“How could we forget?  Did we become too focused on petty cruelty and pure suffering that we forgot who we are?” it asked itself.

With a rage it had not felt in centuries, it broke through that wall, its grip tightening on the arms of the children until they cried out in pain.

“We are Algharoob,” it stated fiercely. 

Saying its name, though not in its true form, but in the tongue of Nour’s language, lifted a veil.  The meaning of its name gave it the mandate to exist and with it the monster finally remembered the reason for its banishment.  All of its memories from before this event had been missing, and now they were back.  Its lips curled into a sneer recalling who had banished it, and now it hated them even more as it finally remembered why.

Throughout history it had been called many things, none of them its true name.  Tales were told about this monster from the beginning of time, each one never getting the full picture.  Though there were different depictions, versions, and faces of this creature, all roads led back to this one being. 

Knowing its name had restored its direction and purpose.  It was the original vampire, and it was ready to set out to claim what should rightfully be under its heel. 

So focused, however, on its rediscovery, Algharoob did not notice that it had not remembered its name on its own.  The creature missed that the rage had not been entirely fueled by its own being and that it had been helped by another to find which should have been lost forever.  It was not solely its name anymore, and unwittingly, had become a pawn for something else in a much larger game.

The older child, out of desperation to escape the crushing pain, bent over and bit Algharoob on the forearm and the other kicked it in the left foreleg.  More out of surprise than pain, the monster grunted.  Quickly, it transferred its grip to both their throats and lifted them off the ground.  It waited patiently as the gagging, kicking, and futile fist pounding on Algharoob’s borrowed body slowly ceased.  It drank in the light of from their fading eyes, and when there was no more, it dropped the bodies and walked away.

The monster left the alley and hailed a passing cab. One pulled over and the driver stopped to pick up his fare.

Not looking directly at the cab driver it said, “Airport.”

After and affirmative nod, Algharoob said indicating to a dumpster three meters away, “Good, my bags are just past the dumpster.  Can you help me with them?”

“Yes,” said the cab driver, who was mostly looking forward to getting out of his run down cab and going home to his wife. 

Algharoob jogged up to the dumpster and stopped.  As the cab driver pulled up and when he didn’t see any bags looked confusedly at the creature.  Seeing that he was about to leave the monster reached in through the window with both hands and grabbed the driver’s head.  Muffled cries came from the cabbie, his foot unable to find purchase on the gas pedal as the monster pulled him inexorably out of his seat by his skull.

When he had removed the skinny and haggard looking man from the vehicle, it looked into its eyes and covered his mouth with one hand.  Algharoob had no power to mesmerize through his stare, but the cab driver was frightened into silence nonetheless.

It leaned down to his neck but did not strike right away.  The monster’s lips brushed the neck of the man, his acrid sweat sweet perfume to the creature.  Whispering words only the man could hear, whose pupils dilated in fear as he did, he struggled like a cow trapped in the slaughter house.  Only this time there would be no club to knock the meal mercifully unconscious before death. 

It slowly licked the jaw line of the cab driver, tantalizingly lifting the sweat from his skin and inhaling the smell the body releases in response to fear.  Then Algharoob sunk its teeth into the bulging artery on the neck.  Blood spurted, coating both their faces.  It relished in the hot liquid until the explosive fountain became a sputtering trickle, and then it dropped the dying man.  The monster’s appetite slack, it had no interest in feeding again. It had merely wanted to enjoy the crescendo of destruction.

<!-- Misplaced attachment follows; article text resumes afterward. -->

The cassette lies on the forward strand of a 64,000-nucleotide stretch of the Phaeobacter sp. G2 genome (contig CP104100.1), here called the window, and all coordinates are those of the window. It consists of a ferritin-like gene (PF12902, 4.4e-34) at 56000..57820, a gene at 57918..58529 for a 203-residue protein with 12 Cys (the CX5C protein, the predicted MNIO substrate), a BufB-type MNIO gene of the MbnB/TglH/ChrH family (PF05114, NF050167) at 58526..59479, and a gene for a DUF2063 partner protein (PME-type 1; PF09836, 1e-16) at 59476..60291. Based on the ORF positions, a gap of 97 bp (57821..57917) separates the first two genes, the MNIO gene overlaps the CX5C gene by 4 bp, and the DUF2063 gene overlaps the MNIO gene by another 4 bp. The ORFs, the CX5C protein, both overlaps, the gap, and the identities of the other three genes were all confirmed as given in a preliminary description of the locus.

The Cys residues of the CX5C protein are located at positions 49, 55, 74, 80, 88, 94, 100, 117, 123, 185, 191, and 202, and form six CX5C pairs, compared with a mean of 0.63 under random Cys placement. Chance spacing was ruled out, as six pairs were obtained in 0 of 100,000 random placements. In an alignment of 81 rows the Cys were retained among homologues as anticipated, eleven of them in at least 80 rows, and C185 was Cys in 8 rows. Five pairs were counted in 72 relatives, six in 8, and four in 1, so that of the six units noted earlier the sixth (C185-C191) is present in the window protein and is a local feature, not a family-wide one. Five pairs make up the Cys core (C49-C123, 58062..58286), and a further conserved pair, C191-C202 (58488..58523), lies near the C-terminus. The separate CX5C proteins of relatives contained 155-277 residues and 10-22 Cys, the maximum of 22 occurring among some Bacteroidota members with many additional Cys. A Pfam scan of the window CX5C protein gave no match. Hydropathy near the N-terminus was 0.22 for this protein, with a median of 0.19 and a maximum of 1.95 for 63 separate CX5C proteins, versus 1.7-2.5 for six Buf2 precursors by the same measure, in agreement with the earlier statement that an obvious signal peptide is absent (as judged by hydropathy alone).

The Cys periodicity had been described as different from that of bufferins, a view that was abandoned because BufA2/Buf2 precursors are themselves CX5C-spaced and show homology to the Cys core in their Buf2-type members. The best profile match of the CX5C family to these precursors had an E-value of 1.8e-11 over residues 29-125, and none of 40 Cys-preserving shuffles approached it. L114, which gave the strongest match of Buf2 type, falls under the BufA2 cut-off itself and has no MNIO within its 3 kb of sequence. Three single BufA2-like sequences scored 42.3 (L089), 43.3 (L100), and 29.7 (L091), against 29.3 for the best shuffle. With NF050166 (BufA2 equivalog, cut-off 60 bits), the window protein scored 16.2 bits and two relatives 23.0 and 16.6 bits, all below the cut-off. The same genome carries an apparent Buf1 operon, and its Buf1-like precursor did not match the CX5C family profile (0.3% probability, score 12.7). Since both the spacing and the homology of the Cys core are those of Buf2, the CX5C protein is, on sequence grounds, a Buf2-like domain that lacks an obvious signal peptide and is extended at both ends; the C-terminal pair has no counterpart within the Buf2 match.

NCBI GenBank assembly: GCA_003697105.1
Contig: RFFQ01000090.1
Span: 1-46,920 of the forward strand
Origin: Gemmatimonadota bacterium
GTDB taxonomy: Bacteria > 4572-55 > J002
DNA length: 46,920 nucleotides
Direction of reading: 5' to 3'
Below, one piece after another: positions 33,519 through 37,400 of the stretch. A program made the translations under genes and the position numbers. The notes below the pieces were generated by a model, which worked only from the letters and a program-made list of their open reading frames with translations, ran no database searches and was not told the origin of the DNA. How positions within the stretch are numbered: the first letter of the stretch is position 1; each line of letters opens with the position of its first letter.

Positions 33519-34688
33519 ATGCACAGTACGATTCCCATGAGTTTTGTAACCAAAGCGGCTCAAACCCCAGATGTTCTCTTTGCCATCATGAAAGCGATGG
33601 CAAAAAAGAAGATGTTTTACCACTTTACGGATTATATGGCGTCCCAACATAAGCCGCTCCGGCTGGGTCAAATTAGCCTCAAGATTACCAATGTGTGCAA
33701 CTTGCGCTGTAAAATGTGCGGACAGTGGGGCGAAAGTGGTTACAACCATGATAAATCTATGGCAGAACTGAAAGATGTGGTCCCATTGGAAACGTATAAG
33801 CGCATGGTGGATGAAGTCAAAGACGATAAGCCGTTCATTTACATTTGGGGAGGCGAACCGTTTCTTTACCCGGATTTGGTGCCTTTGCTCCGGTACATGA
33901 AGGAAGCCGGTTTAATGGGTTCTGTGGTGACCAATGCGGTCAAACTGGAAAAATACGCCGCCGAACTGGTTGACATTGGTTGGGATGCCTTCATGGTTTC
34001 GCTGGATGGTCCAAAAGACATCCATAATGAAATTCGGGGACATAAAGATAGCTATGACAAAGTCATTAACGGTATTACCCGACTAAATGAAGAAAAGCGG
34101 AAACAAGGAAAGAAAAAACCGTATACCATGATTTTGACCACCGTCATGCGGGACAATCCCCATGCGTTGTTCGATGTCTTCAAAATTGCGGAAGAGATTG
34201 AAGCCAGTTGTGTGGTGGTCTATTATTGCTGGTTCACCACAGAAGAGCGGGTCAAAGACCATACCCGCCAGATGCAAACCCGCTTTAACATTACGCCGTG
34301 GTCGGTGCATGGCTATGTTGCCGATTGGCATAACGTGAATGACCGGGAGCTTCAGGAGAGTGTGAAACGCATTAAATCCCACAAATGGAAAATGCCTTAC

Algharoob dropped into the still running cab and headed towards the airport.  Reaching the sprawling complex far from the official entrance, it ditched the cab far enough from the outermost fence and made its way on foot.  It watched planes take off for a minute from the shadows of another building, soaking in the raw power of the jet engine, feeling the whine and thrust in its being.

There was a building inside the complex close by the perimeter which shrouded the fence in darknesss.  Running from cover, Algharoob scaled the fence nimbly avoiding the barbed wire.  Then it forced a window in the building open and climbed in as silently as a cat.  As a puppet, Nour’s body padded through the building and repeated this, structure to structure, until it reached the shadow of one of the terminals.  The monster then moved from silky shadow to silky shadow nothing more than a rustle of coarse fabric and a current of swirling air.

It passed by several throwers, fuel technicians, and even security guards, but the noise of the airport coupled with the monotony of their tasks dulled their senses; they took no notice of anything not related to their jobs.

As it passed by them, the monster wanted to reach out and grab them—to terrorize and befoul their living spirits.  It wanted to take what they had, their life and spark of light, because it could; now that it had fed, it just wanted to play with its food.

Algharoob restrained itself though, as it had another objective.  Picking a plane, the man who was not a man, scampered up into the cargo hold when no one was looking and found a dark corner next to a crate holding a cat, which immediately urinated in fear. 

It had not made a sound since whispering to the cab driver.  The creature did not know where this plane was going, nor did it care; it would get where it needed to go.  Its breathing light, Algharoob settled in for a long ride.

This was the epitome of patience, stealth, and practice of a hunter after its prey.

7 Comments

  1. Please continue.

    This ether business intrigues….
    And who’s helping Algharoob?

  2. this is getting better (and scarier). I can see how your market animal experience has influenced your writing. that’ show the best writers get their material

  3. it’s very violent

  4. thanks for the comments courtney.
    i hope you enjoy it, if you can get past the violence. it is pretty much a running theme. i am almost through writing and i know the next story i do won’t be as violent or graphically detailed. it kind of scared me that i could write something this violent, which made me think about myself and who is inside me.

  5. picking up pace…very Good…Interesting….

  6. thanks maria, i love comments

  7. thanks for your input. i know it can be a little rough reading, i hope to fix that one day